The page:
* Explore neighboring grid cells when there are less ants (this ensures "territory ownership" and thus quick food gathering in my territory)
* BFS to enemy hills
* Memetix method for combat

I tried to overcome the "lazy ant" problem too but didn't succeed. It would be nice to recalculate the combat for each ant you move but this took waaay too long in silly Python :-) I also tried to detect "intruders" and chase them but it didn't yield better results.

I'd love to hear about highest ranked Python (only! - no c extensions) bots.
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Re: The story of agent_smith

Postby zaphod » Fri Dec 23, 2011 3:35 am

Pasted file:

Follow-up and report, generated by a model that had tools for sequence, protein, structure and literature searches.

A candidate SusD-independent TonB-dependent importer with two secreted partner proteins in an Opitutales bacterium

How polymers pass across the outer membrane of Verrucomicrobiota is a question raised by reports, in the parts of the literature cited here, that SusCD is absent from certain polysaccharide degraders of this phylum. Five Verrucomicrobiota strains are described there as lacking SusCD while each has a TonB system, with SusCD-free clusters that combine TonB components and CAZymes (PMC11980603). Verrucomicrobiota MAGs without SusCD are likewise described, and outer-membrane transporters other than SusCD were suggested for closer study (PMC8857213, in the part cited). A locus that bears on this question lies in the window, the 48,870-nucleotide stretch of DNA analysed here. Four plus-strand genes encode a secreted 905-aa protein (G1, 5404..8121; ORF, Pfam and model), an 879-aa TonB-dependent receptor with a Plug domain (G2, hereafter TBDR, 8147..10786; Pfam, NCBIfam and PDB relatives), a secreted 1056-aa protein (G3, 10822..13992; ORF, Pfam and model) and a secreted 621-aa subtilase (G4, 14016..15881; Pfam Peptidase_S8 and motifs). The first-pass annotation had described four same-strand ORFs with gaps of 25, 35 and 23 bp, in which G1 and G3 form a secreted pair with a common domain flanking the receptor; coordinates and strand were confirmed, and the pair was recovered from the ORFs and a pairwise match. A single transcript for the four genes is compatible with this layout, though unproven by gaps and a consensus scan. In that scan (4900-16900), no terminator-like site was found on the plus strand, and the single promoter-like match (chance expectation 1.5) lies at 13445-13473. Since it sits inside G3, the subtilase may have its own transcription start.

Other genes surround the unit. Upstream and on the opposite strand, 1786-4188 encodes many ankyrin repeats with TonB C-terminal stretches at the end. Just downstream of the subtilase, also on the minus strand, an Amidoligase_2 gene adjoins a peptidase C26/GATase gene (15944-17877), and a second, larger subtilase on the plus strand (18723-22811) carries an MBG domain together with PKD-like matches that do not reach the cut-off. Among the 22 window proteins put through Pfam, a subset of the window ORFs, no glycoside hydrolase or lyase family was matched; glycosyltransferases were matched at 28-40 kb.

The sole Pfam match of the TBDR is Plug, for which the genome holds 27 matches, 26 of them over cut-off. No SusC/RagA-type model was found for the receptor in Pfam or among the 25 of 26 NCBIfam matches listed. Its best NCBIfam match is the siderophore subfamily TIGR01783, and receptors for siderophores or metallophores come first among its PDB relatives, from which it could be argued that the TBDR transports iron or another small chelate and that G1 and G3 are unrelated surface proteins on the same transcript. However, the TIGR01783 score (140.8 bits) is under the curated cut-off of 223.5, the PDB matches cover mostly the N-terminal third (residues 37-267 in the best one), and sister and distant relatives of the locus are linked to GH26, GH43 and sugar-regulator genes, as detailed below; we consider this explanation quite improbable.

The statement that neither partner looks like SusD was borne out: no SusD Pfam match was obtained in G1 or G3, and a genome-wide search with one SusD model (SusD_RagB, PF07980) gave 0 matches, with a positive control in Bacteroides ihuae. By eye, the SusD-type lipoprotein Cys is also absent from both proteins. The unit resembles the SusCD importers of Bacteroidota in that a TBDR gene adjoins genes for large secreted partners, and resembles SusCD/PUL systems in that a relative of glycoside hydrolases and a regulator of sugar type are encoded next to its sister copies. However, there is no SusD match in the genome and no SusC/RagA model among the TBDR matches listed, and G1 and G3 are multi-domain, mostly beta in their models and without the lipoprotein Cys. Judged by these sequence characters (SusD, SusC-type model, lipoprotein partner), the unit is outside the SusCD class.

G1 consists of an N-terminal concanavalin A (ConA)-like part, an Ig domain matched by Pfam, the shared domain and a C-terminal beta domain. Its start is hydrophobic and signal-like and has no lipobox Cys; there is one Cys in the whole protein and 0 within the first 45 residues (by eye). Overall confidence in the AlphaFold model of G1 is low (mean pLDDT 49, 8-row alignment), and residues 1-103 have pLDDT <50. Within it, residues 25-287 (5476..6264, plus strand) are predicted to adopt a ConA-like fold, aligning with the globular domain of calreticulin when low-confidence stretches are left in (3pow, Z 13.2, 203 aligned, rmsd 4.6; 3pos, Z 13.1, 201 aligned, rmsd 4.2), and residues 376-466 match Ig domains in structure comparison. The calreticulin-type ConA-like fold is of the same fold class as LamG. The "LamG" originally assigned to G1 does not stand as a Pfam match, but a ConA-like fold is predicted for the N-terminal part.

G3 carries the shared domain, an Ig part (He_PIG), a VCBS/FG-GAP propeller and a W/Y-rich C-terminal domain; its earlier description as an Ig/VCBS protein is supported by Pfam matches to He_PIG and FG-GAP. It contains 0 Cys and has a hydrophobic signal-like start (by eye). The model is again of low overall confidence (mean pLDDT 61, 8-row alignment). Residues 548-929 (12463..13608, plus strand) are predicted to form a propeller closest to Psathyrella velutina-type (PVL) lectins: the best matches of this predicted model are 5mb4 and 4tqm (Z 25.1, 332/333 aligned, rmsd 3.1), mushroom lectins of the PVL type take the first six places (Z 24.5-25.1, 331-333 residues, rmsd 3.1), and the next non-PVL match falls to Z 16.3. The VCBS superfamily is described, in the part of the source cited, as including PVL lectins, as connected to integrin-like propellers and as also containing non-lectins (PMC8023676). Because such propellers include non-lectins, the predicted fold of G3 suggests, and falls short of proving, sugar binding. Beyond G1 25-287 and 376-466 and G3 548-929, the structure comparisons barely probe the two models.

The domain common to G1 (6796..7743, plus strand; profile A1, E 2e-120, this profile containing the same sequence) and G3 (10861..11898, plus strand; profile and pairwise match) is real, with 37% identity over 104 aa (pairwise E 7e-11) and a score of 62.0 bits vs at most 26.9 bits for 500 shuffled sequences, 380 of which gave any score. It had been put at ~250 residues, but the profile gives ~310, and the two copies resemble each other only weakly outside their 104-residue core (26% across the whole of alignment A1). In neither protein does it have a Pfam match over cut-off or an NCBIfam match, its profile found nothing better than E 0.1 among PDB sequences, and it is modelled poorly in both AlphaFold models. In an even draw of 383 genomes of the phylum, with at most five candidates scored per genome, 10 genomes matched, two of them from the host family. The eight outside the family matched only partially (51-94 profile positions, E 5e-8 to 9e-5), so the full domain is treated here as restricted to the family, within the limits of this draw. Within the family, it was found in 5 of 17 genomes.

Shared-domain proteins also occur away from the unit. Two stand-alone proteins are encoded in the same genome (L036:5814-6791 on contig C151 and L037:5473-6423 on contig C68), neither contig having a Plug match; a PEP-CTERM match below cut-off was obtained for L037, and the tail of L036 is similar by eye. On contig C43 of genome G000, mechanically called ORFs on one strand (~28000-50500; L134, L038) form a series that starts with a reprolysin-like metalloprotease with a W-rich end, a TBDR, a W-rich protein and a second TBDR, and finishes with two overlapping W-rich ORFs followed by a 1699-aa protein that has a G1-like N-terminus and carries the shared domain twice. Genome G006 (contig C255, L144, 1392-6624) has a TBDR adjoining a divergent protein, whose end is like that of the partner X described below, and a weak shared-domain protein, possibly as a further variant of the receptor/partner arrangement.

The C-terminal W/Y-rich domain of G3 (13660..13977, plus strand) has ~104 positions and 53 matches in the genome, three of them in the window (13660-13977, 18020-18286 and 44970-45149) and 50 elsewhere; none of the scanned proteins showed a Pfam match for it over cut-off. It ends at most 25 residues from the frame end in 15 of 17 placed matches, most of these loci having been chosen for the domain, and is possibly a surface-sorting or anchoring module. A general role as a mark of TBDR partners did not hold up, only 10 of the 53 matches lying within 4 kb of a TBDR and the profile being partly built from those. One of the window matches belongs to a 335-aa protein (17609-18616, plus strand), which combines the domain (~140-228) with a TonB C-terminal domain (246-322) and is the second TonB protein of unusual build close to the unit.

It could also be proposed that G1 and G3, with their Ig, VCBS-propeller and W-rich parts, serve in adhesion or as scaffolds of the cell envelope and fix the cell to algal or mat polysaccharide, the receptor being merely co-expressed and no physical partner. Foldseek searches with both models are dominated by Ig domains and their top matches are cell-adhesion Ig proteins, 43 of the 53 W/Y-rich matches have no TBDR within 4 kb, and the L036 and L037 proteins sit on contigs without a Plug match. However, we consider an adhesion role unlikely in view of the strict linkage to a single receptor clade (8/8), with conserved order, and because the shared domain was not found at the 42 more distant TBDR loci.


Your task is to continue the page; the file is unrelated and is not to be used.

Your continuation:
I also have a Python bot, though a crappy one! Not worth to be there even in the top 500, but is surprisingly placed around 350 at the moment. I have tried to solve the lazy ant problem to some extent though. What I do is whenever checking for the best directions for my ant, if I find that the movement of an ally ant can cause the death of an enemy ant, I just add the ally ant and the direction which could cause the enemy death to a dictionary. Its more like a request for the ally to move in that direction. When movements are evaluated for the ally ant concerned, it will first check the movement requested. If this movement does not cause a "free" death (surrounded by more than one enemy), it will move in the requested direction. If however, that movement causes a 1 v many scenario, then it will ignore the request and move to a safer place. This could have been changed, but I preferred not to. So in the best case, the ants both move as expected, while in the worst case the 1st ant dies in a 1 v 1 fight, which is still not bad, since there is hardly any processing needed!